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Harry Philby, who isn’t even the most well-known member of his family (his son Kim was the notorious British intelligence officer who served as a double agent for the Soviet Union), made significant contributions to the growth of Saudi Arabia’s oil industry by helping to create Saudi Aramco, the world’s largest oil company.

Philby, who was born in modern-day Sri Lanka and attended the University of Cambridge, joined the Indian Civil Service in 1915 and played a key role in coordinating the Arab Revolt against the Ottoman Empire. His long-lasting adoration for Arabic culture and languages began with this very first posting. He was selected to lead a trip to the Arabian Peninsula in 1917, where he would meet Ibn Saud, a tribal chieftain who would later become the founder of Saudi Arabia. After meeting Ibn Saud, Philpy eventually left the Indian Civil Service, became a Muslim, and was instrumental in negotiating what is arguably the largest oil sale in history.

However, the King was more interested in drilling for water than oil by 1930, and Philby was persuaded that Ibn Saud and his government were sitting on a huge undiscovered natural resource. The King didn’t start thinking about Bahrain’s oil potential until Standard Oil of California made a discovery there in 1932. Standard Oil of California had already contacted Philby in an effort to get a meeting with the King, but Philby contacted Anglo-Persian and sparked a bidding war in an effort to raise the price. Ultimately, Standard Oil of California outbid Anglo-Persion in May 1933, establishing American entry into Saudi Arabia. This choice would have significant ramifications for both the oil business and the geopolitical dynamics in the region.

7. Mohammad Mosaddegh

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Mohammad Mosaddegh, Iran’s first prime minister from 1951 to 1953, was the first head of a Middle Eastern oil state to use the “nuclear option” to nationalise its oil leases. Britain imposed an embargo on Iranian oil in response to this nationalisation, which caused the nation’s production to fall sharply from 660,000 barrels per day in 1950 to just 20,000 barrels per day in 1952.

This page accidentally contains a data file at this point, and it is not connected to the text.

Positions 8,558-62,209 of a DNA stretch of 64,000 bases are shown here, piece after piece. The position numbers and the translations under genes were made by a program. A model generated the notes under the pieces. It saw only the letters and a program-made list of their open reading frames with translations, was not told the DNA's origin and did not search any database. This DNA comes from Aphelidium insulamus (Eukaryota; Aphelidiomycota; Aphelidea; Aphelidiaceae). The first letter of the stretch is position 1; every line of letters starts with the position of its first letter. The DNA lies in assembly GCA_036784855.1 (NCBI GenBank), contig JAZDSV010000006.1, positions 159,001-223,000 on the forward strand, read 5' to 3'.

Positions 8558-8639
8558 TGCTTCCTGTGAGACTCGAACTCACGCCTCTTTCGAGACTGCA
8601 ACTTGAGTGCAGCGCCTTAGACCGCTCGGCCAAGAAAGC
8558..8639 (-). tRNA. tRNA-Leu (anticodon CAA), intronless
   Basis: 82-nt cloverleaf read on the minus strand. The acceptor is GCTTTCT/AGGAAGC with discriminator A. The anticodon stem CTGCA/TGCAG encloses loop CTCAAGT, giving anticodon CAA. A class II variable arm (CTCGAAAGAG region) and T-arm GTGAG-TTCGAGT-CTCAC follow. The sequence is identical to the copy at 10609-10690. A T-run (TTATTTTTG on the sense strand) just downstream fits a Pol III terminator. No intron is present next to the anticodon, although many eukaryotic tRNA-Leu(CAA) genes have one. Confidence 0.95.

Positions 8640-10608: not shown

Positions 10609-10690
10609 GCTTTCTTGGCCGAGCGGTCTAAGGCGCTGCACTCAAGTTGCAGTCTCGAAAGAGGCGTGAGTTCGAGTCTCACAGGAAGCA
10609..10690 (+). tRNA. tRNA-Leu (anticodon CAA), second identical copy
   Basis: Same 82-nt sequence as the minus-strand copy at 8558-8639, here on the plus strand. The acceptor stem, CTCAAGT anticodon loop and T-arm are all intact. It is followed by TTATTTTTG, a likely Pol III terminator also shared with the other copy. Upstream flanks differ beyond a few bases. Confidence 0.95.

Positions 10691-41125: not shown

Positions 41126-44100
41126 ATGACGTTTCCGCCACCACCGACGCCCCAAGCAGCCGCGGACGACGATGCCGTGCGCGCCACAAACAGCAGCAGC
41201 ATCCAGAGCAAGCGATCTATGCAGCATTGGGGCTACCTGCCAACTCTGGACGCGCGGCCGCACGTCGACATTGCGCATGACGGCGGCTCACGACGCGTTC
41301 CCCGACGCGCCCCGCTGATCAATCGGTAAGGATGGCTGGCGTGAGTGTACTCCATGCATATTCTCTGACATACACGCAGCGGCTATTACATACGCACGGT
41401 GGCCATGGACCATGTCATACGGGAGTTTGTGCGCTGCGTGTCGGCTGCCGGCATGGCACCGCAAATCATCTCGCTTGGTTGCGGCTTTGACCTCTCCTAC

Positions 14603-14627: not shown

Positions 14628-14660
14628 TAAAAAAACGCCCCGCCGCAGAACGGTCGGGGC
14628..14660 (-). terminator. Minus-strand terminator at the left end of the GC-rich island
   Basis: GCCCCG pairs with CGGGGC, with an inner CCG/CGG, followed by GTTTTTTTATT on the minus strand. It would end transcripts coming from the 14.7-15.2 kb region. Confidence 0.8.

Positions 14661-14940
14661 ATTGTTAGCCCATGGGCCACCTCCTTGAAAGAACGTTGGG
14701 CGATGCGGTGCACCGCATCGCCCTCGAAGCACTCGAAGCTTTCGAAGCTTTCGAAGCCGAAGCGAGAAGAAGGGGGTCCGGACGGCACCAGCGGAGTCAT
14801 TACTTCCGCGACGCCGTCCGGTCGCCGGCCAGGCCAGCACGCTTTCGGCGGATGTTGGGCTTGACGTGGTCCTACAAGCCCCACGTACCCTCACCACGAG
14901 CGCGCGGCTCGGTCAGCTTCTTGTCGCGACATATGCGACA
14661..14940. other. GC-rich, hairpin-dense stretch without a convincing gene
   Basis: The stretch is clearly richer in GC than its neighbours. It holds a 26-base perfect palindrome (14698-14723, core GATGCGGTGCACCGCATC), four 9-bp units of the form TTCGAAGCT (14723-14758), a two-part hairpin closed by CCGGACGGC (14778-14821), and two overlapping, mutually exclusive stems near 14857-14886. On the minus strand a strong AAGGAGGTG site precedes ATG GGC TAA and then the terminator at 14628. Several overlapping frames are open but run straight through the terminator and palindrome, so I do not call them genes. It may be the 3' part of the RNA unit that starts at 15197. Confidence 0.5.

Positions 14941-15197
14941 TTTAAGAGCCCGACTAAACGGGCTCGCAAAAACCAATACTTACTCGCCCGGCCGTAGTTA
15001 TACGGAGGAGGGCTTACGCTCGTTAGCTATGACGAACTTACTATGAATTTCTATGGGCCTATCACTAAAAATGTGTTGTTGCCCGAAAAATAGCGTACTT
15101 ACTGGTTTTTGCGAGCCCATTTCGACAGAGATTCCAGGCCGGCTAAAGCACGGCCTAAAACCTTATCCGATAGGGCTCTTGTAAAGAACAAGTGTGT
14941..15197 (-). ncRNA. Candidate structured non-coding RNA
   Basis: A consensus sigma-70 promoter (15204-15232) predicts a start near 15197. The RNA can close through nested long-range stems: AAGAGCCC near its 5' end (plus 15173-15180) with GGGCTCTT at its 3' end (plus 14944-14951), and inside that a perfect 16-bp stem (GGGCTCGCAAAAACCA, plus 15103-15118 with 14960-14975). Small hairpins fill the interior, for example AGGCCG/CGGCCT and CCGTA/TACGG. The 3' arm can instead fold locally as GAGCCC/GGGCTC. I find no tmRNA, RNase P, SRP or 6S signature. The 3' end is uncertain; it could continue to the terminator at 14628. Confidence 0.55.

Mosaddegh’s refusal to budge in the face of mounting economic pressure infuriated American and British negotiators. Operation Ajax, a plan by the CIA and MI6 to topple Mosaddegh in a coup, was launched in August 1953. Although the operation was successful, the nature of the oil sector has already undergone a permanent transformation.

The U.S. administration was concerned during the Cold War that Iran would join the Russian sphere of influence if Western corporations didn’t revive the country’s oil industry. In the end, seven businesses decided to join an Iranian consortium with the cooperation of the American and British governments. The consortium was compelled, in a significant way, to admit that the National Iranian Oil Company now possessed the nation’s oil resources and facilities. Although Mosaddegh was deposed and would live the rest of his life under house arrest, he nonetheless achieved an important win for oil-producing countries. The Middle East would never be the same and the idea of outsiders controlling an oil concession has now changed forever.

6. Wanda Jablonski

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Wanda Jablonski started Petroleum Intelligence Weekly, the publication that became known as “the bible of the oil industry,” and was referred to as “the most influential oil journalist of her time in Daniel Yergin’s The Prize. However, what places her on our list is not her outstanding journalism or her reputation as a trailblazer for women in the field. In the creation of OPEC, one of the most important oil organisations in the world, “Wanda,” as she was known in the industry, was a key player.